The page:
In the short written form used in message board conversations, we lack the nonverbal cues of conversation, as well as the broader context of literary works, by which to recognize the contrary intent that is implicit in an ironic remark. When that ironic comment is also mean, cutting, and/or bitter (and therefore sarcastic), it commits the double sin of both causing hurt, as well as sowing confusion which further disrupts the ongoing conversation.
To summarize my point:
Mean is bad.
Irony is confusing.
Sarcasm is both ironic and mean, therefore,
Sarcasm is bad and confusing, which is worse than being just bad.
Is anyone still there?
(The author strains to listen, hears only the sounds of crickets chirping, and quietly exits stage left).
I think the three of you do a great job, and a great service to the community, by offering a forum, and usually by being quite tolerant of those who disagree with you. I have been guilty of at least mild sarcasm at times on other threads, as well as what could only be described as rant. But when I was expressing disagreement or frustration with the triumvirate, you let my comments stand. I think this is a sign, not only of civility on your part, but also of ethical behavior: If Griff posts a rumor he heard from, something to the effect of, two or three “reliable/credible sources,” and if someone questions his ethics for making the post, even if we question the ethics of spreading gossip, we should still praise you for your ethical sense in leaving the criticism stand.
I know that civility has more to do with politeness, and ethics with right and wrong, but there’s an overlap between the idea of civility and ethics. If someone acts unethically in the statements they make in a blog, that could be considered uncivil, and vice versa.
Tracy has said that her participation is merely about expressing opinion, but I think her standards are higher than that. What sets the three of you, and the service you provide here, apart from a guy in his bathrobe who blathers on YouTube, is that you’re usually concerned not only with opinion for opinion’s sake, but concerned also with getting at the truth of issues, getting at careful understandings of issues, and helping people arrive at these through dialogue (and have some fun in the process). The fact that you allow comments at all implies that you see a value in more viewpoints than your own, and while fun, fluff and sociability are certainly part of it, you also deal with serious issues and seek what can only be described by words like “truth” and “understanding.”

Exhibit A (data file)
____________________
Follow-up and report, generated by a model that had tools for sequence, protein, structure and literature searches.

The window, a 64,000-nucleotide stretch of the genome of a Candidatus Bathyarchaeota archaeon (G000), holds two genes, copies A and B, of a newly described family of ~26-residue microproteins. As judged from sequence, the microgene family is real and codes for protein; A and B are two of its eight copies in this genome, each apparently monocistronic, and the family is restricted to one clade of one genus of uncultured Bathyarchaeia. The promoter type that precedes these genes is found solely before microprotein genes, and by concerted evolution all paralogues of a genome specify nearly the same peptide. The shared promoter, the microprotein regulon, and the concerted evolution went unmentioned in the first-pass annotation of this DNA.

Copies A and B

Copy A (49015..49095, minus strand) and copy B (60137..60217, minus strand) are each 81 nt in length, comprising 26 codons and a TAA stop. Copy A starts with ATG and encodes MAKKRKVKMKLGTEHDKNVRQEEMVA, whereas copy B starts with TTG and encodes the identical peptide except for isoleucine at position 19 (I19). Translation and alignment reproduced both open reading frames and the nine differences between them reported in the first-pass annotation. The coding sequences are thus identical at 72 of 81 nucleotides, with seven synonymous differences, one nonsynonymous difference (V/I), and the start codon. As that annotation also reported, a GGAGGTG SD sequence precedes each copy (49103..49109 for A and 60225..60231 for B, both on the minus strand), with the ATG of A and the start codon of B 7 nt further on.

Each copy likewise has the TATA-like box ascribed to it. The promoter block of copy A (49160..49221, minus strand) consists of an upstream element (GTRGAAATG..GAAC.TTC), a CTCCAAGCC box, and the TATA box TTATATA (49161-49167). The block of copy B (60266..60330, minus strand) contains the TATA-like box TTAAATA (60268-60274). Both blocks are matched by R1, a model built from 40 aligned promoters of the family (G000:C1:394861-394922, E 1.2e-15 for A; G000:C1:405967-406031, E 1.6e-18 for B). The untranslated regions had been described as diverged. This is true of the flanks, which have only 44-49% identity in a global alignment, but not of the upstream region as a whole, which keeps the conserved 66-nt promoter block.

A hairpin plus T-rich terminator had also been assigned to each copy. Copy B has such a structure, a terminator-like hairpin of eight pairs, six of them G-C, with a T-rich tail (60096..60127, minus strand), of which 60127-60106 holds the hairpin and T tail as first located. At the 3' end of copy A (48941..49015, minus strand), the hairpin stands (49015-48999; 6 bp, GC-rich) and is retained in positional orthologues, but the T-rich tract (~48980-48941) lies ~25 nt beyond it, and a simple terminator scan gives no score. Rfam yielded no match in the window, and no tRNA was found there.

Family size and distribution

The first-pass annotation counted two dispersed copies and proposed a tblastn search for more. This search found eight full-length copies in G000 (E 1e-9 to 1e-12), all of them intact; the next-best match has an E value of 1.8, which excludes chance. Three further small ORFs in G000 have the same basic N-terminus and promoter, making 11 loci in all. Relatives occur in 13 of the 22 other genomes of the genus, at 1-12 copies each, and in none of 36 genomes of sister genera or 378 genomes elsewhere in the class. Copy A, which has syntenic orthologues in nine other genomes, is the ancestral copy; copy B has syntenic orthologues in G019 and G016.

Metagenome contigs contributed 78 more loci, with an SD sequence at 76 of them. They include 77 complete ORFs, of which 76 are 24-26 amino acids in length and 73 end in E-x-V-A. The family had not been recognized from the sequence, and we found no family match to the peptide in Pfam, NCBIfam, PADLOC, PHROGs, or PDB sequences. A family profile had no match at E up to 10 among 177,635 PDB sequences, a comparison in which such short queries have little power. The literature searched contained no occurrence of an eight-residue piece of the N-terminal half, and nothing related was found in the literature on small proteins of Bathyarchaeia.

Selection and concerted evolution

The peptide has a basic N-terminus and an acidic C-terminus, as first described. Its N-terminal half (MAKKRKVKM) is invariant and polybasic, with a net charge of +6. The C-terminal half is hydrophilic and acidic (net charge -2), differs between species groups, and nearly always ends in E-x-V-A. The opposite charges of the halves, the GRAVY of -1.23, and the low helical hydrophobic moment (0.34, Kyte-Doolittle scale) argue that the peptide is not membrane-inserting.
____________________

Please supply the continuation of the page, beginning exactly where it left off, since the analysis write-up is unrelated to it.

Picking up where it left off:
All this implies not only a need for civility, but also an ethical sense.
And to a certain extent, it probably necessitates that the three of you hosts need to hold yourselves to higher standards than those to which you hold your visitors. If LocallyGrownNorthfield is an example of “leadership blogging,” then visitors may have their lapses in judgment, and sometimes you’ll need to moderate, or be patient, as you usually show good judgment in doing. You often do seem to hold yourselves and each other to higher standards. The importance of the example you set by your own civility and ethical sense (in addition to being welcoming, fun and occasionally fluffy) should never be underestimated.
I rarely comment but decided that I should this time. I usually am a lurker and read here to find out more about what’s going on in the community. When something interests me, I do my own research to find out more.
Email and blogging are definitely different than face-to-face discussions, as several people have pointed out. Personality differences make that more pronounced. In the past, I was spoken to more than once about my emails at work. In my mind I am sending people facts when I send an email. As a simple example, I might send someone an email that says, “Today the temperature is approximatley 20 degrees F, and the sky is overcast.” It was fact (check the weather page) and without any emotion on my part. My previous boss would tell me that my email disturbed several people because of my gruff manner and that I should lighten things up. So I had to learn how to say it in a fluffier manner (which to me, honestly, is a waste of time when wanting to convey the same information–again, personality types–I’m more like Spock). My newer version goes like this, “Today is a great day! It’s already 20 degrees F with overcast skies, but I am so thankful that it isn’t snowing or below freezing, aren’t you? Smiley face. People respond much better to that….so I’m trying to be better about not being so Spock-like.